In 12 days, we will be leaving for Mexico. I’ve been doing a lot of planning; looking at the Mayan ruin sites, calculating driving distances, reading reviews of local restaurants and rental car companies and deciding how much money to have converted to pesos beforehand. I am a planner. I’m good at it, and I really like it, but I also need to be aware when my inner voice says, “You’ve moved from having fun investigating, into fear and worry that you’ll forget something; won’t pack the right clothes, or have the right gear, leave detailed enough instructions for our pet/house sitter, or the instructions will be so detailed that they’ll be confusing….the list will not end unless I stop it. It’s as if my conscious mind (calling itself “responsible”) is desperately trying to stuff my life into a little box; one that is neat, safe and tidy.
When this happens, it is time to step away and re-orient myself to what is important about the trip. My “purpose” on this vacation is really no different from my purpose everyday, and that is to remember who I am, to remember that I am here to awaken to the Love that is inside me, to shine that light of Love, and to look for it in all that I meet in this great trip called Life.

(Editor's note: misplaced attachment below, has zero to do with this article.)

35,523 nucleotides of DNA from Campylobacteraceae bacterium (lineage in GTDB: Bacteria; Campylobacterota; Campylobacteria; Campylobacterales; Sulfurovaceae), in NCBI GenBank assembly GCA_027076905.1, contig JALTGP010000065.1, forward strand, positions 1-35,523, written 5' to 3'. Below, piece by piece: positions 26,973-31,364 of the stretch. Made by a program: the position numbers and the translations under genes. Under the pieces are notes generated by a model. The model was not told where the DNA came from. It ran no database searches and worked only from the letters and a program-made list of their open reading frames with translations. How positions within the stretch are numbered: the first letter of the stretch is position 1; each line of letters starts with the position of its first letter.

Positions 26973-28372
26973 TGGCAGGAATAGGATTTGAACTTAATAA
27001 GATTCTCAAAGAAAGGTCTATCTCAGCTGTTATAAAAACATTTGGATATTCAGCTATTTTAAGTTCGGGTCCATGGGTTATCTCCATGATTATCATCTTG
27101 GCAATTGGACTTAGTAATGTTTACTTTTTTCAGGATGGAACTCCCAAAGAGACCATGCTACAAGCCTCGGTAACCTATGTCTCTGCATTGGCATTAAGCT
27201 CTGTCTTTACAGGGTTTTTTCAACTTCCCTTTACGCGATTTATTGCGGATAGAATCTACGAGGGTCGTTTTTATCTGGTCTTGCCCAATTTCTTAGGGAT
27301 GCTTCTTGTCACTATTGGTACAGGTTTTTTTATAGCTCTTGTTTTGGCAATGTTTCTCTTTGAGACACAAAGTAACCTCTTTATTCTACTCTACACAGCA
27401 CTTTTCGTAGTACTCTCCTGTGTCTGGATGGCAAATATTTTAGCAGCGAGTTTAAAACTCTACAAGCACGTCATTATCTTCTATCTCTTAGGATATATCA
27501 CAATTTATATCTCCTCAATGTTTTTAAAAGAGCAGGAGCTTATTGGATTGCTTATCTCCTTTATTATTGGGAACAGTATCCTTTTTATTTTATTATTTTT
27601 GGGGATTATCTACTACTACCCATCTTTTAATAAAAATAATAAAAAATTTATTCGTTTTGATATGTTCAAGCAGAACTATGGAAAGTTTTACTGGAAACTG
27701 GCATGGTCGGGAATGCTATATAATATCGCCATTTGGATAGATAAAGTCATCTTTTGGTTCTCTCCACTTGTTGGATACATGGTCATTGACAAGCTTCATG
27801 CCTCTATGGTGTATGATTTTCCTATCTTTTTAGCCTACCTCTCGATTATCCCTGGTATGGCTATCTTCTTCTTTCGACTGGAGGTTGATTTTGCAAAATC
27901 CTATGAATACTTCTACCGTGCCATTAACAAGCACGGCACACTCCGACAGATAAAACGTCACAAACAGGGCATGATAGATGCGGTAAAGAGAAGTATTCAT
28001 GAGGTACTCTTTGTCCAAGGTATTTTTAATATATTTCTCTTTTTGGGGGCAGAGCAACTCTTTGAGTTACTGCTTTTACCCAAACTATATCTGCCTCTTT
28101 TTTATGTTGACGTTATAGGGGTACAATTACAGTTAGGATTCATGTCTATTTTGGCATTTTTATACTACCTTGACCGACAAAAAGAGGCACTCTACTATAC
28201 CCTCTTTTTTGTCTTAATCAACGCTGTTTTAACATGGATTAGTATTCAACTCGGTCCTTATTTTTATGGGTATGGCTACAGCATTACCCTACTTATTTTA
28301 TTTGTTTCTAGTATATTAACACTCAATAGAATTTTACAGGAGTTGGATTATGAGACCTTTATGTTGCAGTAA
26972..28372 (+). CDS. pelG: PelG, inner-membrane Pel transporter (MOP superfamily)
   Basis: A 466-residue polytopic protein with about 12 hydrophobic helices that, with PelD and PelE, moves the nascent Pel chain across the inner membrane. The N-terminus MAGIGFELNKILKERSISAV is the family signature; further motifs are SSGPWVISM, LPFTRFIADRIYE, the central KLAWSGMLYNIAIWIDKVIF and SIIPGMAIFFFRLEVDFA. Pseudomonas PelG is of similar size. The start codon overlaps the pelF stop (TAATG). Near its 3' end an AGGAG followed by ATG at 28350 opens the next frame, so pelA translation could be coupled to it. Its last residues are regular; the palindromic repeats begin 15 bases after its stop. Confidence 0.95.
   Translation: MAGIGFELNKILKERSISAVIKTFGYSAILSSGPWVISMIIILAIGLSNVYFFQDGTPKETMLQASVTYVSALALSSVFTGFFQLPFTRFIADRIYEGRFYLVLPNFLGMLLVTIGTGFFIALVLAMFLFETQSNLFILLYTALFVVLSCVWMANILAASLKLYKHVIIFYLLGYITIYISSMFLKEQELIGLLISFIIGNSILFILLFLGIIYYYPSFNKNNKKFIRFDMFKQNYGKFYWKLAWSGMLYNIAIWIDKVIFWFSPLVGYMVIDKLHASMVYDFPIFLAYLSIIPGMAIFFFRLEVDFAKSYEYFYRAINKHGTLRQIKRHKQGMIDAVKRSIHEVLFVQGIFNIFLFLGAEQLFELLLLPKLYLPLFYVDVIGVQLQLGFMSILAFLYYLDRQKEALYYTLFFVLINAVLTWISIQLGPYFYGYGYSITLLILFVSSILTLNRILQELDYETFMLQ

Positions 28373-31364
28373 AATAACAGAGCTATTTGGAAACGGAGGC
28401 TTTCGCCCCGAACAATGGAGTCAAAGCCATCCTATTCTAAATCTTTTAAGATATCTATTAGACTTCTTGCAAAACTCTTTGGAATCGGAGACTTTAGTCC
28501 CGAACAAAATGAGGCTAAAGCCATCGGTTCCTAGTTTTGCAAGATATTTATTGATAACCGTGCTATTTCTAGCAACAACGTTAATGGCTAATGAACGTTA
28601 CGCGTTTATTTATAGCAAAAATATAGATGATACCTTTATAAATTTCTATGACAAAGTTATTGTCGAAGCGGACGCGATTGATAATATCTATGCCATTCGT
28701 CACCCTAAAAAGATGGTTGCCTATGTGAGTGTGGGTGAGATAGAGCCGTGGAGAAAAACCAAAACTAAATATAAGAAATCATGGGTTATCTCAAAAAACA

When I’m afraid or worried I am unconsciously looking for what is wrong. If I don’t catch this, I’ll start attracting those energies and will end up having a rough ride instead of a relaxing journey. Fear, concern, or worry are all contracting, small energies. They are self-centered to the extreme, and are good indicators that I have forgotten that there is a huge, benevolent, Loving force running in, through and around me (and everyone else) and the only thing that I need to do to feel a part of it is to drop the negative thoughts and look for the love, connection and happy coincidences; to allow myself to be swept along by the arms of Love and to enjoy the trip!
“A journey is a person in itself; no two are alike. And all plans, safeguards, policing, and coercion are fruitless. We find that after years of struggle that we do not take a trip; a trip takes us“. John Steinbeck